Important Amendments to the FICA Act- Here’s What You Should Take Note Of
By Kezia Talbot, Legal Advisor, BDO Wealth Advisers
In April 2017, President Zuma signed the Financial Intelligence Centre Amendment Act No. 1 of 2017 into law. Whilst these changes are not as yet effective, it is essential to understand the proposed amendments to the Financial Intelligence Centre Act No. 38 of 2001.
The main objectives of the Amendment Act are to:
- Provide for customer due diligence measures, including with respect to beneficial ownership and persons in prominent positions;
- To provide for a risk based approach to client identification and verification;
- To provide for the implementation of financial sanctions and to administer measures pursuant to resolutions adopted by the Security Council of the United Nations;
- To clarify the application of the Act in relation to other laws;
- To provide for the sharing of information by the Centre and supervisory bodies;
- To provide for risk management and compliance programmes, governance and training relating to anti-money laundering and to counter terrorist financing.
The real question, however, is how the changes to the Act will affect you in your interactions with accountable institutions (a person or organisation that carries out business of any entity listed), and, if you are an accountable institution, what additional steps will you need to take in order to be compliant with the Act.
Most notable, is the increased focus on trusts and legal entities. Once effective, Accountable Institutions will not be allowed to establish a business relationship or conclude any transactions with anonymous clients or clients under a fictitious name. This relates particularly to trusts and legal entities, as Accountable Institutions will be required to undertake additional due diligence measures to determine the nature of the client’s business, the ownership and control structure of the client, and the identity of the beneficial owner/s, which, in the case of trusts, would extend to having to determine the identity of each beneficiary of the trust.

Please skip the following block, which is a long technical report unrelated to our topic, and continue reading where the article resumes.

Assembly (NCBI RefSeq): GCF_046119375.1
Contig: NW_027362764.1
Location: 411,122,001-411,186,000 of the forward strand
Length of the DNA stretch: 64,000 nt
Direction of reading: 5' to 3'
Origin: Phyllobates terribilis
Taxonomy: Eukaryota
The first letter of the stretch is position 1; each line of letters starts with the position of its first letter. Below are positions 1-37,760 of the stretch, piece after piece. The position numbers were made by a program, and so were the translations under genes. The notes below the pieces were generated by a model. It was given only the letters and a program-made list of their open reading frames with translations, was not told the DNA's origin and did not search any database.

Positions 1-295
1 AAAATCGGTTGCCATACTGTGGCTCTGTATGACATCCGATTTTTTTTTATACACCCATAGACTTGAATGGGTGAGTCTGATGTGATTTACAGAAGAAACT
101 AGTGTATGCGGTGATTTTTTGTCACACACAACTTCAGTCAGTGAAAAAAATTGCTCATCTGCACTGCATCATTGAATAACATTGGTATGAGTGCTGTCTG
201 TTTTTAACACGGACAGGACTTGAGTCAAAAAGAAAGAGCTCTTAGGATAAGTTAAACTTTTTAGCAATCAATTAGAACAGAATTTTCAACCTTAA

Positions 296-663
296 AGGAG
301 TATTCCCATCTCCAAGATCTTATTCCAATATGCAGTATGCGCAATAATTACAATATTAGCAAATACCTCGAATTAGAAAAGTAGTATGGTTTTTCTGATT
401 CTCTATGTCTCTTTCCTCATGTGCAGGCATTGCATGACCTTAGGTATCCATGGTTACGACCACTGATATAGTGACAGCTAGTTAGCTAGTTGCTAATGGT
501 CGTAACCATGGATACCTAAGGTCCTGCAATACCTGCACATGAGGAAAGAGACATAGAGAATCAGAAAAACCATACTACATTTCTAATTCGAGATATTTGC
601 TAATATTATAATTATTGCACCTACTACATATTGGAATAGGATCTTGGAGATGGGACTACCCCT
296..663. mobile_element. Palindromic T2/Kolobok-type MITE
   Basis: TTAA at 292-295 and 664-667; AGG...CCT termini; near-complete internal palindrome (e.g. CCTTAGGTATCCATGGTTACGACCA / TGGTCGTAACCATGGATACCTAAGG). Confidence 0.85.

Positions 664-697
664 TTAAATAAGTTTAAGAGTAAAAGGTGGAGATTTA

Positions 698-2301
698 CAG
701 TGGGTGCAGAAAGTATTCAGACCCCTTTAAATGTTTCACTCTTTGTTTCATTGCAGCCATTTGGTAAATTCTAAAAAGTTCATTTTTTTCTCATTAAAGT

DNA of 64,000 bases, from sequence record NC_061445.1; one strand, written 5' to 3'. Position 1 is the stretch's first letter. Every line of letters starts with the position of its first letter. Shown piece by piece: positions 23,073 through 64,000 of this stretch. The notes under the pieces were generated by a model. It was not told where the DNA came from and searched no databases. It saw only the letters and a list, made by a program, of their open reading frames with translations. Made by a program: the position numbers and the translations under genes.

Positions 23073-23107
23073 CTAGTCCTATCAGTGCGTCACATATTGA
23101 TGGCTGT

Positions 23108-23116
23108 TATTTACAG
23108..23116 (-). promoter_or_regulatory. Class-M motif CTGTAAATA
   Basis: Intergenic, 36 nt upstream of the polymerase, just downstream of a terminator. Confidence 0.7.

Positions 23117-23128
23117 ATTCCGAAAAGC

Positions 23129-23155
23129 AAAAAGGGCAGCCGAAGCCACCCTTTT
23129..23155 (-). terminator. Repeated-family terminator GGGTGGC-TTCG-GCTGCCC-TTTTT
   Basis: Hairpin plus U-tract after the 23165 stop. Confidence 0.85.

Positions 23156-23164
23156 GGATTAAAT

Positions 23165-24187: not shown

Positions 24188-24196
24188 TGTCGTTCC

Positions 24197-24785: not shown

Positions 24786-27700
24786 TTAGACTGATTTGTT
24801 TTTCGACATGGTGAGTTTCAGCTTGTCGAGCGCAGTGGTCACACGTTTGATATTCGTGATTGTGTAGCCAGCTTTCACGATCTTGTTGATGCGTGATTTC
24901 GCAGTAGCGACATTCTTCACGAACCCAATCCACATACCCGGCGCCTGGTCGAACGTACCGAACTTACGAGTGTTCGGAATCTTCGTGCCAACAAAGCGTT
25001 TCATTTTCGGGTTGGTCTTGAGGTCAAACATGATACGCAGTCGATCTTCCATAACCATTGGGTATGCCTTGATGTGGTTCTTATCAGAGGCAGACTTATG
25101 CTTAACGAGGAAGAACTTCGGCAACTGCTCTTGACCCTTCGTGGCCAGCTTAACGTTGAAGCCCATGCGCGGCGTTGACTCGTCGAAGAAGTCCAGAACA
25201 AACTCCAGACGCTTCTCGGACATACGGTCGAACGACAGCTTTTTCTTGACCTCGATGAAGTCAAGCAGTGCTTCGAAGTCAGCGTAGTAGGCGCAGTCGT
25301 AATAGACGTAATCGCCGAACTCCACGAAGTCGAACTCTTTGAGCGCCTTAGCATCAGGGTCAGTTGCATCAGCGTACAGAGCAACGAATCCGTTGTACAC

The amendments now also provide for ongoing due diligence, which will mean more frequent requests for FICA documentation from you, as a client, and will entail ongoing administration on the part of the Accountable Institution. This has been done to ensure that the information relating to the identification of a client remains current.
In line with the commencement of automatic exchange of information between countries relating to tax matters, which is due to commence towards the end of 2017, and the clamp down by SARS on undisclosed offshore assets, section 29 of the Act has been amended to provide for an additional reporting obligation on Accountable Institutions. This obligation will arise when the Accountable Institution suspects that a transaction or series of transactions to which the client is a party may be relevant to the investigation of an evasion or attempted evasion of a duty to pay any tax, duty or levy imposed by legislation administered by SARS.
Taking into account the fact that the type of information which is collected from a client is classified as “personal information” as defined in the Protection of Personal Information Act No. 4 of 2013, one of the proposed amendments to the Act is that the Financial Intelligence Centre will be required to take appropriate measures in respect of personal information in its possession or under its control, particularly to prevent the loss, damage, destruction and unauthorised access to such personal information.
Most importantly, Accountable Institutions will be required to develop, document, implement and maintain a Risk Management and Compliance Programme, particularly relating to anti-money laundering and counter-terrorist financing. This is to be an in-depth programme setting out procedures for administering all requirements of the Act. Strict compliance with this section is required, and a failure to do so, may result in administrative sanctions being imposed on the Accountable Institution.
The amendments have been welcomed by the majority of stakeholders, who see this as a positive message to the international community that South Africa is taking all necessary actions to combat money laundering and terrorist financing activities, and also to cement our intention to remain relevant and compliant with international standards.
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